The German automotive market is losing ground

The German automotive market is losing ground — 2023-11-20

Automotive Industry

The automotive industry in Germany is in decline and pulls the entire German economy down with it. Production levels of Germany’s largest vehicle manufacturers have fallen by more than 36% in ten years in Germany, while overseas production has risen from 8.6 m to more than 10 m, reports Handelsblatt, citing data from the Marklines news website. This crisis is particularly affecting the automotive industry.

The German Association of the Automotive Industry (VDA) recently conducted a survey of automotive suppliers and medium-sized manufacturers of trailers, bodies and buses.

85% of the companies surveyed said that bureaucracy represents a heavy or even very heavy burden for them.

Electricity costs also remain one of the main challenges for automotive suppliers and medium-sized automotive companies in Germany. 71% of companies say that high electricity prices are a heavy or even very heavy burden for them.

Companies are also complaining about the situation regarding their orders. While as recently as May, 42% of companies said that a lack of orders was currently only a minor challenge or not a challenge at all, in the latest survey only 22% held this view.

The survey also shows a growing trend for companies to relocate their investments. More than a third of businesses (35%) plan to move their investments abroad, up from 27% in May 2023. Only 1% of the companies surveyed intend to increase their investments in Germany in light of the current situation. According to the survey, the relocation destinations are other EU countries, Asia and North America (in that order).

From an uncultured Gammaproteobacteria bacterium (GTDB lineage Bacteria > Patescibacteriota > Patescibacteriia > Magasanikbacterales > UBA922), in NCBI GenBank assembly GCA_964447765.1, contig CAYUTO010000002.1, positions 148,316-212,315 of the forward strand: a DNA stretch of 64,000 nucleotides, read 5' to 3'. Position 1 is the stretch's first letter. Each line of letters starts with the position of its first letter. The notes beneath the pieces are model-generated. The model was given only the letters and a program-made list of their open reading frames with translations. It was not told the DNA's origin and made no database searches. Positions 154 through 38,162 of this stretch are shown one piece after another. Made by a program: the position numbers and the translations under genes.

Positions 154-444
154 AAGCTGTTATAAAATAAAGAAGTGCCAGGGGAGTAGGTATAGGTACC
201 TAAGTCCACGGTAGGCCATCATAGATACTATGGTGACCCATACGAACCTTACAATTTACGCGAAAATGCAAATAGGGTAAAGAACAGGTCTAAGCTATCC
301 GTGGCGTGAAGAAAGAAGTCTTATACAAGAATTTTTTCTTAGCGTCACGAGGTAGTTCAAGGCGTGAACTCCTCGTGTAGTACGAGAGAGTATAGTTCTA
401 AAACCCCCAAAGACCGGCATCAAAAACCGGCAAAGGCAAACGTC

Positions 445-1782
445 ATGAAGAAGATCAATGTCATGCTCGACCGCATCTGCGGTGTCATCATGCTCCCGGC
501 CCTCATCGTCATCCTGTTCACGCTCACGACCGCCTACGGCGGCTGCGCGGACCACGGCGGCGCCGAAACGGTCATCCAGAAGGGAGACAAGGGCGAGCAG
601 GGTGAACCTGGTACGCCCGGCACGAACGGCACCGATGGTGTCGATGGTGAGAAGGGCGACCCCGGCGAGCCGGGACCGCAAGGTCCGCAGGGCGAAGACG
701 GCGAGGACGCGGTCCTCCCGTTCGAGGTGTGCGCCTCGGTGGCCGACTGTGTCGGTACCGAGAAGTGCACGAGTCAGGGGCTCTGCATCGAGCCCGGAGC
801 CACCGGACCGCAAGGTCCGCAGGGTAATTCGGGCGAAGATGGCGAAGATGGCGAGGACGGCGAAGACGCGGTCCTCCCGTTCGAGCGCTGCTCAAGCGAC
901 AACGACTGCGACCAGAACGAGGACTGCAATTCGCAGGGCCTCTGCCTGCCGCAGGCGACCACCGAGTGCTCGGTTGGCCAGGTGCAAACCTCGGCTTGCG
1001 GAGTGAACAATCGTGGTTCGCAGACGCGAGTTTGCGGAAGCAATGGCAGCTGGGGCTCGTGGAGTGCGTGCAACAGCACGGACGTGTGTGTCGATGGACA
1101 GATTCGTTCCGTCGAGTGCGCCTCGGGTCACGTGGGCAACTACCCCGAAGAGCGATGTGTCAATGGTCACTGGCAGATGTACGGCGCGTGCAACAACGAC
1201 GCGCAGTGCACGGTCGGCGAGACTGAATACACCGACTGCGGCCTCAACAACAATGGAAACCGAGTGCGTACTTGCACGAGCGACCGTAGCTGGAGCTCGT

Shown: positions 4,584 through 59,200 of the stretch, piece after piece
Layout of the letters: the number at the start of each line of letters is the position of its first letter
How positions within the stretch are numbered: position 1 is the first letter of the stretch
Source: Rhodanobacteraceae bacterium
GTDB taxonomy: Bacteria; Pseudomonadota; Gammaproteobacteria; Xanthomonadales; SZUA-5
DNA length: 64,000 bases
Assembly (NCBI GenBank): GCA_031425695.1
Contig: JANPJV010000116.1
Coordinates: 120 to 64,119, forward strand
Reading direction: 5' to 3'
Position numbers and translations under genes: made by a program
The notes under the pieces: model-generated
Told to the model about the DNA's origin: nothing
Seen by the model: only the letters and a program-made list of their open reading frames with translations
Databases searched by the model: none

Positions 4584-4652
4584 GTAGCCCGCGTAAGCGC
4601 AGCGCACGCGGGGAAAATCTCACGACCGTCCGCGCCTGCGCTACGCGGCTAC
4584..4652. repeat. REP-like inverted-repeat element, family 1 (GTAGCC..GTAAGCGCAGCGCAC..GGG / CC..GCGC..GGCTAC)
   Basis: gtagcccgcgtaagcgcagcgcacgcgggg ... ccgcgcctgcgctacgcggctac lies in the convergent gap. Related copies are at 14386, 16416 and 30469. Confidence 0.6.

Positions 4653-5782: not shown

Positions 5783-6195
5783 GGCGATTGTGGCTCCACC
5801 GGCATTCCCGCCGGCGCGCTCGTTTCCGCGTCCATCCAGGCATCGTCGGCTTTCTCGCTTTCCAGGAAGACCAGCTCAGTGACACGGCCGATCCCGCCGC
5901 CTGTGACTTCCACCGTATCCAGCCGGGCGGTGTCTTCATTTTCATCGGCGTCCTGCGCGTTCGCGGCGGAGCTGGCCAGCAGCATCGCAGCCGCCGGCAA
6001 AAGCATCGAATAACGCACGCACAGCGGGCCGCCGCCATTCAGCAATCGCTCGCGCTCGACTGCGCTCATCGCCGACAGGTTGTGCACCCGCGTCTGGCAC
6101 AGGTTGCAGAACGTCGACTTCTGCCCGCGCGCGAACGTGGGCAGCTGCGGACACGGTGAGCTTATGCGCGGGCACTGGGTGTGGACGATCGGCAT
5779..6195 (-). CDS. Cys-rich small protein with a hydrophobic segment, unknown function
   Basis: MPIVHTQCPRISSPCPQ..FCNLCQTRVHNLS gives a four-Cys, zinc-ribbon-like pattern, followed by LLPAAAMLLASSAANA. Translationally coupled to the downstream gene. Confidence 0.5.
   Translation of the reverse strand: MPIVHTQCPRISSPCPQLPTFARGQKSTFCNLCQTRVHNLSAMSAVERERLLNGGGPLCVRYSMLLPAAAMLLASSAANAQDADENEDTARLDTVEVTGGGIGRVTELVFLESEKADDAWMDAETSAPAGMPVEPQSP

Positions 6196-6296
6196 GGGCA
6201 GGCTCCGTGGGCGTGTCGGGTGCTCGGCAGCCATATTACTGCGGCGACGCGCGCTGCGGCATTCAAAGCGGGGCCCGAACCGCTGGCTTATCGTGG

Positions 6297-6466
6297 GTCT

Our survey clearly shows that medium-sized automotive companies in Germany suffer immensely from excessive bureaucracy and high energy costs. The fact that more and more companies are moving investments abroad is a wake-up call for Berlin! We need to take countermeasures and replace small regulatory steps with long-term strategies for greater competitiveness, says VDA president Hildegard Müller.

Production shifts to Eastern Europe

In terms of investment attractiveness, Poland took the leading position as a relocation destination – ahead of the Czech Republic and Romania.

According to the Polish-German Chamber of Industry and Commerce, 6,000 German subsidiaries are currently based in Poland, employing a total of approximately 430,000 people. German companies have invested $40 bn to date.

Many companies recognised Poland’s potential as an investment destination years ago. One example is vehicle manufacturer Mercedes-Benz, which is steadily expanding its production in the country. July saw the start of construction work on the manufacturer’s third factory in Poland, where electric vans will be built in the future. The location was chosen as part of a reorganisation of the company’s European production network, as it will enable the van division to optimise costs and the supply chain.

That said, an increasing number of foreign companies based in Germany are also moving to Eastern Europe.

In September, French automotive supplier Valeo announced that 300 jobs were being cut at its plant in Bad Neustadt in the Rhön-Grabfeld district. Going forward, electric motors will be produced at the Czechowice-Dziedzice plant.

Cooper Standard, a manufacturer of sealing systems for the automotive industry based in Novi, Michigan, also plans to relocate around 60 jobs from Lindau on Lake Constance to Poland.

A study by the German Economic Institute (IW) shows that companies withdrew more money from Germany in 2022 than ever before. In total, around $132 bn (€125 bn) more direct investment flowed out of Germany in the same period than was placed in the country. This trend is continuing.

Investment conditions in Germany have recently deteriorated again due to high energy prices and a growing shortage of skilled labour, says Christian Rusche, economist at IW.

The Institute warns that, in the worst case scenario, this could mean the beginning of deindustrialisation.